Kent is a large county with an impressive range of habitats. Ancient woodland, chalk grassland and miles of coastal parks are home to over forty species of butterflies and some of the rarest moths in the country. If you live in our region and are a member of Butterfly Conservation you automatically become a member of the Kent & South East London branch.
Our committee and members are active throughout the year and hold regular field trips, work parties and meetings. We are always in need of new people to help with conservation, data recording and fund raising so do get in touch with any of us on the committee - you are guaranteed a warm welcome!
Species to look out for
IMPORTANT: We can continue to receive your sightings but please remember that, in accordance with current UK Government restrictions, you MUST NOT make any journeys away from home in order to record butterflies and moths, as these would be considered non-essential journeys. More information on recording during the current circumstances can be found on the Butterfly Conservation website.
We welcome Dick Vane-Wright as our branch President
At our AGM in 2019 we announced that Dr Jim Flegg was stepping down as our branch President. We would like to thank Jim for the many years he has supported the branch.
Dick Vane-Wright has kindly agreed to become our new President. We would like to thank him for taking on the role and welcome him to the Kent & SE London Branch.
Sightings and records
Visit the Kent Moth Group for the latest news and sightings.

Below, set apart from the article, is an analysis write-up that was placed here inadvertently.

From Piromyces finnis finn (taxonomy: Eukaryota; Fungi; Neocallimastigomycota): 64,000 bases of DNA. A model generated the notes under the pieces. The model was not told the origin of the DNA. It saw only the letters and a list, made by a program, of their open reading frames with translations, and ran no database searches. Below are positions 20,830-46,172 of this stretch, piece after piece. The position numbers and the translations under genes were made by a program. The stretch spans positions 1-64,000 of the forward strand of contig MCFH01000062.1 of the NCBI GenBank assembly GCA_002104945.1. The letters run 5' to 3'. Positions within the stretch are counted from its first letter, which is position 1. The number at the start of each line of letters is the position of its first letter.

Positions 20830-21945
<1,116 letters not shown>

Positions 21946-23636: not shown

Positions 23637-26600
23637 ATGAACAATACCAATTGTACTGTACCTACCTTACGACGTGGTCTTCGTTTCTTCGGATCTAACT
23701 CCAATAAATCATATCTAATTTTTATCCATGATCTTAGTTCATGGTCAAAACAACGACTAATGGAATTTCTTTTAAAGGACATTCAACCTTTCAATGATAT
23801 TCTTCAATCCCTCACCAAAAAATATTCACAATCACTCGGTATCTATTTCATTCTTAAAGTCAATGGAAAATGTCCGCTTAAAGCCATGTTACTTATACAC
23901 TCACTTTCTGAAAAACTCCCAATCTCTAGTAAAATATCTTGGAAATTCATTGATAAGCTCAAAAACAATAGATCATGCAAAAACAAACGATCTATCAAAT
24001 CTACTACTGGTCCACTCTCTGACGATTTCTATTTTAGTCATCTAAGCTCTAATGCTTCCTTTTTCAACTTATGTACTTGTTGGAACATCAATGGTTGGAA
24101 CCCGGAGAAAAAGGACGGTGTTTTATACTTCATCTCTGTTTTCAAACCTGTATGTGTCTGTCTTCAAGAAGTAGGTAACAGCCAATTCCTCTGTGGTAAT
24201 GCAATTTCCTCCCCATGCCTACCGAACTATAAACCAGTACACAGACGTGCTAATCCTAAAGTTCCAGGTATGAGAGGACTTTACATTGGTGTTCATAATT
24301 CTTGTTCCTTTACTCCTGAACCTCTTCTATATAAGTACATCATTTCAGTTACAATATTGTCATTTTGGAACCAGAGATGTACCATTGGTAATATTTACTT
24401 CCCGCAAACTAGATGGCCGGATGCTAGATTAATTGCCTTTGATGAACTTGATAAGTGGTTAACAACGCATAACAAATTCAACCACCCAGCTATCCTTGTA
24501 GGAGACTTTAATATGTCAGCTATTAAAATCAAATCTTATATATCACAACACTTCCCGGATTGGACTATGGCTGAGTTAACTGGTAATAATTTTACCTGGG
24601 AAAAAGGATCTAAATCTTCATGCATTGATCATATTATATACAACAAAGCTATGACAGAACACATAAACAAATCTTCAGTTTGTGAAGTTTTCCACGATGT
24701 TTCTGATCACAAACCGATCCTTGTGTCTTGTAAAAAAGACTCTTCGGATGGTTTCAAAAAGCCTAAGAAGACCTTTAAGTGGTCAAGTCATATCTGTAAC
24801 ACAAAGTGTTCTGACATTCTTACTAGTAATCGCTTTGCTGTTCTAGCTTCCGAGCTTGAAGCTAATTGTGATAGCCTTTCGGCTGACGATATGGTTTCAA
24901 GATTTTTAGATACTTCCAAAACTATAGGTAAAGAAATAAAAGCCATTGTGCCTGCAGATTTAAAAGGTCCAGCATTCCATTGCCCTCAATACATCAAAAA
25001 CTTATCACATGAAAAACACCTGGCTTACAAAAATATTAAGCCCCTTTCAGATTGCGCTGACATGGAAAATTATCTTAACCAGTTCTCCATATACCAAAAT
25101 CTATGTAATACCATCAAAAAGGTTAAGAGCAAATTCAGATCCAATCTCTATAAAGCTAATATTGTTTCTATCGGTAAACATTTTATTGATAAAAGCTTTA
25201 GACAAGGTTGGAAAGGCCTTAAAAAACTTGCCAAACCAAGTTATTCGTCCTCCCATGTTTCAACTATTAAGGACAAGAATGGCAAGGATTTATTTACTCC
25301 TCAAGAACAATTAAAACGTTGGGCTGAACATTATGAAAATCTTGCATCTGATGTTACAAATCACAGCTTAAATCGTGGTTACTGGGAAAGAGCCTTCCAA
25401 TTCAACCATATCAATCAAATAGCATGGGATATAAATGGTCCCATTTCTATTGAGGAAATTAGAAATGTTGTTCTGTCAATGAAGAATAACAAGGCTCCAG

iRecord is now our recommended recording platform for online recording\records. Please visit the iRecord website to register and to find out more information on how to register and use the system.
Find out more
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Get insider information on our favourite local spots.
The site is known locally as White Hill and is a great location to see many species.
Residents of Norton in Stourbridge are set to see a boost to numbers of the striking Scarlet Tiger moth thanks to a £3,938 grant from Ibstock Enovert Trust (IET).
Wildlife charity Butterfly Conservation is launching its Nurture for Nature campaign today, in partnership with Dobbies Garden Centres, in a bid to encourage more people to look after themselves by looking after the natural world this spring.
2020 hailed as a ‘good’ year for butterflies - but conservation scientists warn that our view of what is ‘good’ might be shifting
Moths are the most taxonomically and ecologically diverse insect taxon for which considerable abundance and distribution data exist in various parts of the world. A new paper sheds light on global insect declines.
Volunteer with us
Butterfly Conservation relies on the support of thousands of volunteers, and we are always looking for more help inside the office and out in the field. Whether you want to volunteer at a local branch, get outside and help manage our nature reserves, or help with one of our events, we have something for everyone to get involved in! Your time can make a real difference.